Ross J. Roeser The application of hearing instrument technology to improving communication skills

Raul Rojas Child language from a longitudinal and processing perspective, specifically bilingual language development in typically developing children and those with language impairments.

Pamela R. Rollins Evaluating intervention programs and defining learning and social communication processes in individuals with autism spectrum disorders

Robert D. Stillman The assessment and intervention with preverbal children including those with Autism Spectrum Disorder (ASD). The work is primarily qualitative and explores sources of diversity in preverbal and early verbal skills.

Linda K. Thibodeau Assistive technology for persons with hearing loss to reduce communication challenges in noisy environments

Hanna K. Ulatowska Neurolinguistics

Anne E. van Kleeck Understanding, measuring, and fostering the specific kinds of preschool oral language skills that are critical to later academic success (academic talk)

Sven M.O. Vanneste Using advanced brain scanning, electrophysiological techniques and neuromodulation techniques to map the structure and function of the human brain.

Jun Wang Motor speech disorders, silent and dysarthric speech recognition, computational neuroscience for speech production

Andrea D. Warner-Czyz Exploring how infants, children, and adolescents with hearing loss who wear cochlear implants learn to communicate with others and how communication affects how they feel about themselves.

Facilities

The offices and research facilities of the School of Behavioral and Brain Sciences are located on the Richardson campus and in BBS centers located in Dallas near the campus of the UT Southwestern Medical Center. Facilities at all locations include classrooms and research laboratories for studies of neuroscience, psychology, and communication across the lifespan in both typical and clinical populations.

The PhD program in communication sciences and disorders offers exceptional research facilities at the Callier Center for Communication Disorders, which has locations on both the Richardson campus and in Dallas adjacent to the UT Southwestern Medical School campus. The Callier Center–Dallas and the Callier Center-Richardson house state-of-the art laboratories for behavioral, kinematic, neurophysiological, and neuroimaging studies of speech, language, and hearing in typical and clinical populations of all ages. Each year, the Callier Center serve thousands of people with speech, language or hearing disorders, and Callier-Dallas is home to a nationally accredited child development program for infants and preschoolers. Partnerships with area hospitals, clinics, and schools, and collaborative arrangements with the UT Southwestern Medical Center, expand student research opportunities through additional access to laboratories equipped for studies of the neuroanatomical, neurophysiological, and neurochemical bases of hearing.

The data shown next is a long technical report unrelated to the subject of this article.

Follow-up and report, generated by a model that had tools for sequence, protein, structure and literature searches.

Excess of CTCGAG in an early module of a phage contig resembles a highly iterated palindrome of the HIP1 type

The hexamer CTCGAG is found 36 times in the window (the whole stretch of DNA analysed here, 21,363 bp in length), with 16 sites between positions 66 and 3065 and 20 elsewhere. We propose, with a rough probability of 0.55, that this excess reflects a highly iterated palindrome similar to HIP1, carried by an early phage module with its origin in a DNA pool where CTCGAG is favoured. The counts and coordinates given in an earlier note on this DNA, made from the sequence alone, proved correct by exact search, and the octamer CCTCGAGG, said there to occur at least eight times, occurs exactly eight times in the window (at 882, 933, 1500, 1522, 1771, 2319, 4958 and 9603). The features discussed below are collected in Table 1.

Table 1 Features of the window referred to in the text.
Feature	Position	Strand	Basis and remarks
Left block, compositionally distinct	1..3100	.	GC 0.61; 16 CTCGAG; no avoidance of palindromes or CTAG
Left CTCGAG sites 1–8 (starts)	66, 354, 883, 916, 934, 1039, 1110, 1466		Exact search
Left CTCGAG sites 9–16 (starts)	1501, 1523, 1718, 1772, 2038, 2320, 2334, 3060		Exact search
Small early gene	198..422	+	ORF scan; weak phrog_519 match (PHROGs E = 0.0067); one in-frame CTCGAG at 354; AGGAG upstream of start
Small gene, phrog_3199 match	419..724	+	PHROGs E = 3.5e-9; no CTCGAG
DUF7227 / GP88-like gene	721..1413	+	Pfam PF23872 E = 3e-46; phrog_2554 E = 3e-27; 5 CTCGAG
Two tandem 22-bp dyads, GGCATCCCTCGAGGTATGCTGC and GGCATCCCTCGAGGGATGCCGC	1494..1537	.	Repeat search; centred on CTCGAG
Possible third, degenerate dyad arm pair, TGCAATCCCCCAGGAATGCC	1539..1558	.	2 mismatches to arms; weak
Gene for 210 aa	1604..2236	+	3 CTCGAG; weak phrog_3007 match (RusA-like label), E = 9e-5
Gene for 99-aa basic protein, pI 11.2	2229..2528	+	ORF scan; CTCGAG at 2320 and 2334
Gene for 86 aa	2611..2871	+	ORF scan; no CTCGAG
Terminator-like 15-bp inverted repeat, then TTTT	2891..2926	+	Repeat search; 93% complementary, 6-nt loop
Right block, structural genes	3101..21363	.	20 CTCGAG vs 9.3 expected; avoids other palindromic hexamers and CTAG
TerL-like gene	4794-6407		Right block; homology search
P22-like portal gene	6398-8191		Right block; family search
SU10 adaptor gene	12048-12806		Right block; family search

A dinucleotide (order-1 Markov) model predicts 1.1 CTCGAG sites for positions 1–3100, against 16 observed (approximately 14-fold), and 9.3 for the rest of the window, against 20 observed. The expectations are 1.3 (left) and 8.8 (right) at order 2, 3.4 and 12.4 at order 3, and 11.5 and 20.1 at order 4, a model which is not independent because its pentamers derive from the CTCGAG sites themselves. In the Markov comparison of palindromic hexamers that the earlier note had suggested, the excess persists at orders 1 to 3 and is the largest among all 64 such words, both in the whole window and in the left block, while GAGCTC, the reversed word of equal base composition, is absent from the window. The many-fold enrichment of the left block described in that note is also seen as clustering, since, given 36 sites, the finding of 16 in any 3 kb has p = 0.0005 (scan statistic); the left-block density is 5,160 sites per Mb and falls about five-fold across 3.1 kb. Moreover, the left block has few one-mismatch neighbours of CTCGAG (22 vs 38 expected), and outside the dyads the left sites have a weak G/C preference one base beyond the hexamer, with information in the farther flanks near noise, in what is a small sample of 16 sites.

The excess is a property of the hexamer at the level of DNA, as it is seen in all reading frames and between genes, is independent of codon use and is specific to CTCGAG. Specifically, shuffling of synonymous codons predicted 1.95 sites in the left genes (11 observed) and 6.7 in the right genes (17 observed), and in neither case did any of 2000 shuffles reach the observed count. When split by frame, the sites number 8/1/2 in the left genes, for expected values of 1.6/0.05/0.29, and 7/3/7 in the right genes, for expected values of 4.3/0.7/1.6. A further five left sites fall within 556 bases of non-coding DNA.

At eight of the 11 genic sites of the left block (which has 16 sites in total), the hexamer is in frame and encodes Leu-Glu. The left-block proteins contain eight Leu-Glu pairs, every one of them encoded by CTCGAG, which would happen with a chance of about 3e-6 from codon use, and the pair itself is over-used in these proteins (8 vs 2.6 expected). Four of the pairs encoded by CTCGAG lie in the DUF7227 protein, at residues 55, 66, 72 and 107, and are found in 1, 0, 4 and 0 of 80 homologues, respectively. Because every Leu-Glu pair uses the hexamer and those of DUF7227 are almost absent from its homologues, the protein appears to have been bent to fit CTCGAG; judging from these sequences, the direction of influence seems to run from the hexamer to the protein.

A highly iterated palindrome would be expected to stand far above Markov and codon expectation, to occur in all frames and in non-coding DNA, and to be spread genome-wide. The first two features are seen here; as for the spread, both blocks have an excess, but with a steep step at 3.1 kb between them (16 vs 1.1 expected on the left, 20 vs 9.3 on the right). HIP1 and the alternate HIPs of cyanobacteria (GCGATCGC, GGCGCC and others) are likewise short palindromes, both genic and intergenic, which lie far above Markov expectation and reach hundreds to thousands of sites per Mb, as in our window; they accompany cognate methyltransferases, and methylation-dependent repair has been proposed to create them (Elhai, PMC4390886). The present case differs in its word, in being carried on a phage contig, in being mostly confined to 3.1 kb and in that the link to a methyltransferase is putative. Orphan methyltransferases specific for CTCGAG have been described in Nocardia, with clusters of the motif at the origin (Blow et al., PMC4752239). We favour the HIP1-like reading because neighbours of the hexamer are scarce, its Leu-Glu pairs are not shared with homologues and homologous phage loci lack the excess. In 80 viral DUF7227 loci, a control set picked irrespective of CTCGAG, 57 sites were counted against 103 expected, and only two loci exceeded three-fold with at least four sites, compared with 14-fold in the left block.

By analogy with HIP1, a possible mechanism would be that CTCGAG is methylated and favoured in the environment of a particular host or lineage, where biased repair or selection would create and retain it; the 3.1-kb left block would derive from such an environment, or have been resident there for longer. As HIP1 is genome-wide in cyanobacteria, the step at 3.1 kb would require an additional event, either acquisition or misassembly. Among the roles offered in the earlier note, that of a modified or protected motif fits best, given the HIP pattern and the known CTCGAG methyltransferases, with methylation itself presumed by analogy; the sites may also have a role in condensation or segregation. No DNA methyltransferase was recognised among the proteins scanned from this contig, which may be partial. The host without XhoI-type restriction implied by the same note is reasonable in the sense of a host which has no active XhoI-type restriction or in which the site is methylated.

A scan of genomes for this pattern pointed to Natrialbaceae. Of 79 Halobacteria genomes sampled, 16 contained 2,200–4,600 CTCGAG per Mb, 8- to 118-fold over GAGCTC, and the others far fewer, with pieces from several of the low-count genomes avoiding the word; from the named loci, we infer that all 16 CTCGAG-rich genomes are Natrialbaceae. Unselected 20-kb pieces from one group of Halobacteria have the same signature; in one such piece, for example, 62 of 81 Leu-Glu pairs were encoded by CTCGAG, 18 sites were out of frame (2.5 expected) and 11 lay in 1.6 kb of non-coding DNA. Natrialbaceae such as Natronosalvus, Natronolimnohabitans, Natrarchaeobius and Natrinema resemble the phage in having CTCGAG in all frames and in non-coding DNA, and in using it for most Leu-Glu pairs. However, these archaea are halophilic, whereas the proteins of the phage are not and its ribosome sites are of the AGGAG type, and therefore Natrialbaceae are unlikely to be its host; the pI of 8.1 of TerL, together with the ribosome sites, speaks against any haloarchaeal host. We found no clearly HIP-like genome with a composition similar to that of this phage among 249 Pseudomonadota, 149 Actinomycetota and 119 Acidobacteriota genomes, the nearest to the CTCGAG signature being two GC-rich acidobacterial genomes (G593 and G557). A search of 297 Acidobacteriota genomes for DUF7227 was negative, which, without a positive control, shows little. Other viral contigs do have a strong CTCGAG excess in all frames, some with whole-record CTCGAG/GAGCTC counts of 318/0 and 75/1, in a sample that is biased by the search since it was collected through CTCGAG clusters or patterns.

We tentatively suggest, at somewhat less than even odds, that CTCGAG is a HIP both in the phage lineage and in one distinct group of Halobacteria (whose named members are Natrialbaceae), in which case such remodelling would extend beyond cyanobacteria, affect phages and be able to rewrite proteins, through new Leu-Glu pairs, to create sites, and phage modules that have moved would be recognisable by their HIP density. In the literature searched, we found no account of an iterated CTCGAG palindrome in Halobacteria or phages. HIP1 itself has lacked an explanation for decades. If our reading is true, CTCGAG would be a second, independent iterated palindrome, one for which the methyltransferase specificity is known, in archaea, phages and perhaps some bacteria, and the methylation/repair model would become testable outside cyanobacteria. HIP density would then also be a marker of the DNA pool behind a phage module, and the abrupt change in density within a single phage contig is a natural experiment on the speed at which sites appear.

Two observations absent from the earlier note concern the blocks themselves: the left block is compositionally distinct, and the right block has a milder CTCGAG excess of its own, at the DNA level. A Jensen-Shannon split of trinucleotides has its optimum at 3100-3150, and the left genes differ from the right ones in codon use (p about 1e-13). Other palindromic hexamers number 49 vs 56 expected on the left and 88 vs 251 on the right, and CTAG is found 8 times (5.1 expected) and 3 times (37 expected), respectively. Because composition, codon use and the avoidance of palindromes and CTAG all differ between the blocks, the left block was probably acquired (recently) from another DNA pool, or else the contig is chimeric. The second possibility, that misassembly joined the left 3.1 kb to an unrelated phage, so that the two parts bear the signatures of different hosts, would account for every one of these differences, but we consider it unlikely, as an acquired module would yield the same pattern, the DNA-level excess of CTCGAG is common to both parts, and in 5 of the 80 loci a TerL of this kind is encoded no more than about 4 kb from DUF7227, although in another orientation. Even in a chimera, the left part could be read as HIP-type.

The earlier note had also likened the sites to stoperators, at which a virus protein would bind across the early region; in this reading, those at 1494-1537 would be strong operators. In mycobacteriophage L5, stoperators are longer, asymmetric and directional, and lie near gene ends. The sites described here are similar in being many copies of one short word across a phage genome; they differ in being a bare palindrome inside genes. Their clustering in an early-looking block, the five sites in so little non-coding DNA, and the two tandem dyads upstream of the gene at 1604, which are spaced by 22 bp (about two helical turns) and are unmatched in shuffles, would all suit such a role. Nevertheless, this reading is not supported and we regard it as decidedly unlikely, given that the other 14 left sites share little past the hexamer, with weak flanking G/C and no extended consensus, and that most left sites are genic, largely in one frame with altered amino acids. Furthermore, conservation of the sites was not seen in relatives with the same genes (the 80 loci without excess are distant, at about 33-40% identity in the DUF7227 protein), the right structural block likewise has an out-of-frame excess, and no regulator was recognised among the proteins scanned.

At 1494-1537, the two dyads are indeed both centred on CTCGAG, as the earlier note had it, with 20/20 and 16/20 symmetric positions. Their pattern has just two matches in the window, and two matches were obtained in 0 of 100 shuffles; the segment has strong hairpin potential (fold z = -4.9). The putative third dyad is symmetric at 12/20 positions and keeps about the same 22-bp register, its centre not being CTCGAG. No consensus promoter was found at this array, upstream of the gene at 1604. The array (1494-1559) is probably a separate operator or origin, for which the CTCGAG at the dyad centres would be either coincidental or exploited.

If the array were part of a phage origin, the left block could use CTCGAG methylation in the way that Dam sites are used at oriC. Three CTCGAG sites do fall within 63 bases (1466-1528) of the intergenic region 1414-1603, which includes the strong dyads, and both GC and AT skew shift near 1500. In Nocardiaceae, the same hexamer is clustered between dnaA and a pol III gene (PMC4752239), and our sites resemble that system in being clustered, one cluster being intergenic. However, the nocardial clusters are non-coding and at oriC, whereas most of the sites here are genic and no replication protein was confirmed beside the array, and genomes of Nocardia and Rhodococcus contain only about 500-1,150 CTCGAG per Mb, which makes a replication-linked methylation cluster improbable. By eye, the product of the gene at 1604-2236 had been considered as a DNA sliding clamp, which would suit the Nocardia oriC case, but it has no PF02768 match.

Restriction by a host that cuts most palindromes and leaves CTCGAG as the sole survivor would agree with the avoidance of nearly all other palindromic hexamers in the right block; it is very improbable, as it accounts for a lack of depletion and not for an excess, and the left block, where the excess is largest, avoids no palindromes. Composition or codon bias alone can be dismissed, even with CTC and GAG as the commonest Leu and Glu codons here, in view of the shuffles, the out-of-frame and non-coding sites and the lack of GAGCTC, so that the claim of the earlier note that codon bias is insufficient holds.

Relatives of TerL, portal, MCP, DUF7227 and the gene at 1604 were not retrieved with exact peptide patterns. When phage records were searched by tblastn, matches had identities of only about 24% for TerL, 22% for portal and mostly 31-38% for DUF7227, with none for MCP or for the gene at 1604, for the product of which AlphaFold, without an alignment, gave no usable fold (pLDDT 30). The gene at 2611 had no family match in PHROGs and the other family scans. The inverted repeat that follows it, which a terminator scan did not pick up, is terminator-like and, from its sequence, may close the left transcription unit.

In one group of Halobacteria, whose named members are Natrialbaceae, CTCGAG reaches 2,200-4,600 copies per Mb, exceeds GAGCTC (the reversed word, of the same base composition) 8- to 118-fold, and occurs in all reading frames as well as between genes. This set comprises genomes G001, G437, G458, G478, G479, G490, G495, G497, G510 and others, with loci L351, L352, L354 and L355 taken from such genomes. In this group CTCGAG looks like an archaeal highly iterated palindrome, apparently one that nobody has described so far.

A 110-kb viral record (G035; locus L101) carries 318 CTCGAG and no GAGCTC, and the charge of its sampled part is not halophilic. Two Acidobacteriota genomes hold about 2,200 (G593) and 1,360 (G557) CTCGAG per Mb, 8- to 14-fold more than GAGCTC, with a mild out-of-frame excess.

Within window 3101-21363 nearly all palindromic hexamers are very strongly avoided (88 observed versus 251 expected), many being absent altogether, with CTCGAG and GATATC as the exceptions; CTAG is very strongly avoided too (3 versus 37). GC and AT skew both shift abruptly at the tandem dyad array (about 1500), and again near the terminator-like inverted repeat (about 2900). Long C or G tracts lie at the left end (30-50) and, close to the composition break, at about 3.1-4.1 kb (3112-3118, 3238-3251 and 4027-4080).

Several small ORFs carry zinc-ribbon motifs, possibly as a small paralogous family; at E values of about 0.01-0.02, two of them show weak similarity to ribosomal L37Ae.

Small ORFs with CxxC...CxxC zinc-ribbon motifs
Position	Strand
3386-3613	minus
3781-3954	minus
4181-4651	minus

Degree Requirements

The PhD program in communication sciences and disorders is divided into three tracks: speech, language, and hearing. Coursework differs across the three tracks but all students are required to complete a minimum of 75 semester credit hours beyond the baccalaureate degree. Program completion typically takes five years, although it is possible to meet all the requirements in four years. During the first two years of the program, each student works closely with the faculty in completing an empirical research project and in writing a substantive literature review or grant application. In the third year, students advance to PhD candidacy by successfully defending a proposal for their dissertation, an independent and original research project conducted under faculty supervision. Successful public defense of the completed dissertation is the final step in attaining the doctoral degree.